Impact of staging 68Ga-PSMA-11 PET scans on radiation treatment plans in patients with prostate cancer.

To evaluate the impact of staging 68Ga-PSMA-11 PET imaging on radiotherapy (RT) dose and volumes in patients with prostate cancer.

Forty-five patients (89% high or very high-risk by NCCN criteria) who underwent 68Ga-PSMA-11 PET imaging prior to definitive treatment for prostate cancer between December 2015 and December 2016 were included. Locations of 68Ga-PSMA-11-avid lesions were compared to RTOG consensus pelvic nodal volumes (clinical target volume, CTV); coverage of lesions outside the consensus CTV was considered a major change, while dose-escalation to lesions within the consensus CTV was considered a minor change.

All patients had 68Ga-PSMA-11 PET uptake in the prostate. 25 patients (56%) had N1/M1a disease on 68Ga-PSMA-11 PET scan, of whom 21 (47%) were previously N0. Six patients (13%) had bone metastases on 68Ga-PSMA-11 PET scan, of whom four had prior negative bone scans. 8 patients (18%) had lymph node metastases outside the consensus CTV. 12 patients (27%) received a RT boost to nodes within the consensus CTV. 6 patients (13%) had limited bone metastases treated with focal RT. Overall PSMA PET imaging resulted in major and/or minor changes to RT plans in 24 patients (53%).

68Ga-PSMA-11 PET imaging resulted in RT changes in 53% of patients. Prospective investigation is needed to evaluate the clinical benefit of RT changes based on staging 68Ga-PSMA-11 PET imaging.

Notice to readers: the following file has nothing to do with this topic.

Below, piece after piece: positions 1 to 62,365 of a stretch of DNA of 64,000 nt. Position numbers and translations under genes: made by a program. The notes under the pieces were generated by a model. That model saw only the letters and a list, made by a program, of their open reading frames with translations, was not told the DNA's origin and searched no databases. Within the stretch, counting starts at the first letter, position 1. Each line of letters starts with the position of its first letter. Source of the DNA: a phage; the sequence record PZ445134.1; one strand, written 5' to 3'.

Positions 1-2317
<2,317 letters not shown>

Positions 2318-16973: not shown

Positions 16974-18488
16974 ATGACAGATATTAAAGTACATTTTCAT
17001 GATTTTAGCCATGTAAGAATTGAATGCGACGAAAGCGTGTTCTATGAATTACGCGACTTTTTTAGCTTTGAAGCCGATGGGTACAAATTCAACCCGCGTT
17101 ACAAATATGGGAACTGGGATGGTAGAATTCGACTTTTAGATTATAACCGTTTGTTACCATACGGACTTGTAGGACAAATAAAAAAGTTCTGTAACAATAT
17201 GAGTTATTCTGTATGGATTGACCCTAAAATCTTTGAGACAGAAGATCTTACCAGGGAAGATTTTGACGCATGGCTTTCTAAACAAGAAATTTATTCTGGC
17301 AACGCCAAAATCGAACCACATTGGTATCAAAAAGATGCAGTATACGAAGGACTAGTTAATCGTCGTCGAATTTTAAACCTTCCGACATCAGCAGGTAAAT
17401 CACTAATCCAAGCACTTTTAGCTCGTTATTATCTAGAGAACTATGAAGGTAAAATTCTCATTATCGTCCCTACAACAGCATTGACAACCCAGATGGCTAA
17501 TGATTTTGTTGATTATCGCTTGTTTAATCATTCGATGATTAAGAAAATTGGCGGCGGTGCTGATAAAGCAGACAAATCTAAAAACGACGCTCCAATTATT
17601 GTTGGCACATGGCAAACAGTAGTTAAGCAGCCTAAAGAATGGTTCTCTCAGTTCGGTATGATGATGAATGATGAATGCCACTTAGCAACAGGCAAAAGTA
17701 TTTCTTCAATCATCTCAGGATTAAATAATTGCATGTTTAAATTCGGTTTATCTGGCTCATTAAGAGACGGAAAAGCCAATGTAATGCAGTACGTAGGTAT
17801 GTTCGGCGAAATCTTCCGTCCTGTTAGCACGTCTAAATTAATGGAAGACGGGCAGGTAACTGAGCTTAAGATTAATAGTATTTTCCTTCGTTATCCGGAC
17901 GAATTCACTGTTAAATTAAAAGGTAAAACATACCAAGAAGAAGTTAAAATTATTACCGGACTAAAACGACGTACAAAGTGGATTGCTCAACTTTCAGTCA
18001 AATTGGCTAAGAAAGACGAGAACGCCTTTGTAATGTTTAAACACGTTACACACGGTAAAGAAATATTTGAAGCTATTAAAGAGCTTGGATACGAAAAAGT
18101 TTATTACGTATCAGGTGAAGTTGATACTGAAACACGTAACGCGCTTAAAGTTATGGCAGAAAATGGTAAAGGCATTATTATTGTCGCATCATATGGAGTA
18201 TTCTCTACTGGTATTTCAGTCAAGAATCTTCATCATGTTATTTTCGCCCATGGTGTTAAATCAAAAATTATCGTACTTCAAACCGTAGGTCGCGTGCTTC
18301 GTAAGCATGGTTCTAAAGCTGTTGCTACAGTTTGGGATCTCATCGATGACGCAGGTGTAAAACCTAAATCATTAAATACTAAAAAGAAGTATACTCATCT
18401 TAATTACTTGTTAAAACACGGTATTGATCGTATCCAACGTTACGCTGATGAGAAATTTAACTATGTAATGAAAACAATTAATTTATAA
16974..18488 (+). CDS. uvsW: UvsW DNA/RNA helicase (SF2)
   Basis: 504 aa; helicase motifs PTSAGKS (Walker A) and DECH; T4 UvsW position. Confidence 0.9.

Urology. 2018 Dec 20 [Epub ahead of print]

Susan Y Wu, Lauren Boreta, Katsuto Shinohara, Hao Nguyen, Alexander R Gottschalk, I-Chow Hsu, Mack Roach Iii, Antonio C Westphalen, Felix Y Feng, Peter R Carroll, Albert J Chang, Thomas A Hope

Department of Radiation Oncology, University of California, San Francisco., Department of Urology, University of California, San Francisco; University of California San Francisco Helen Diller Family Comprehensive Cancer Center., Department of Urology, University of California, San Francisco., Department of Radiation Oncology, University of California, San Francisco; University of California San Francisco Helen Diller Family Comprehensive Cancer Center., Department of Radiology and Biomedical Imaging, University of California, San Francisco., Department of Radiation Oncology, University of California, San Francisco; Department of Urology, University of California, San Francisco; University of California San Francisco Helen Diller Family Comprehensive Cancer Center; Department of Medicine, University of California, San Francisco., Department of Radiation Oncology, David Geffen School of Medicine, University of California, Los Angeles., University of California San Francisco Helen Diller Family Comprehensive Cancer Center; Department of Radiology and Biomedical Imaging, University of California, San Francisco; Department of Radiology, San Francisco VA Medical Center. Electronic address: .

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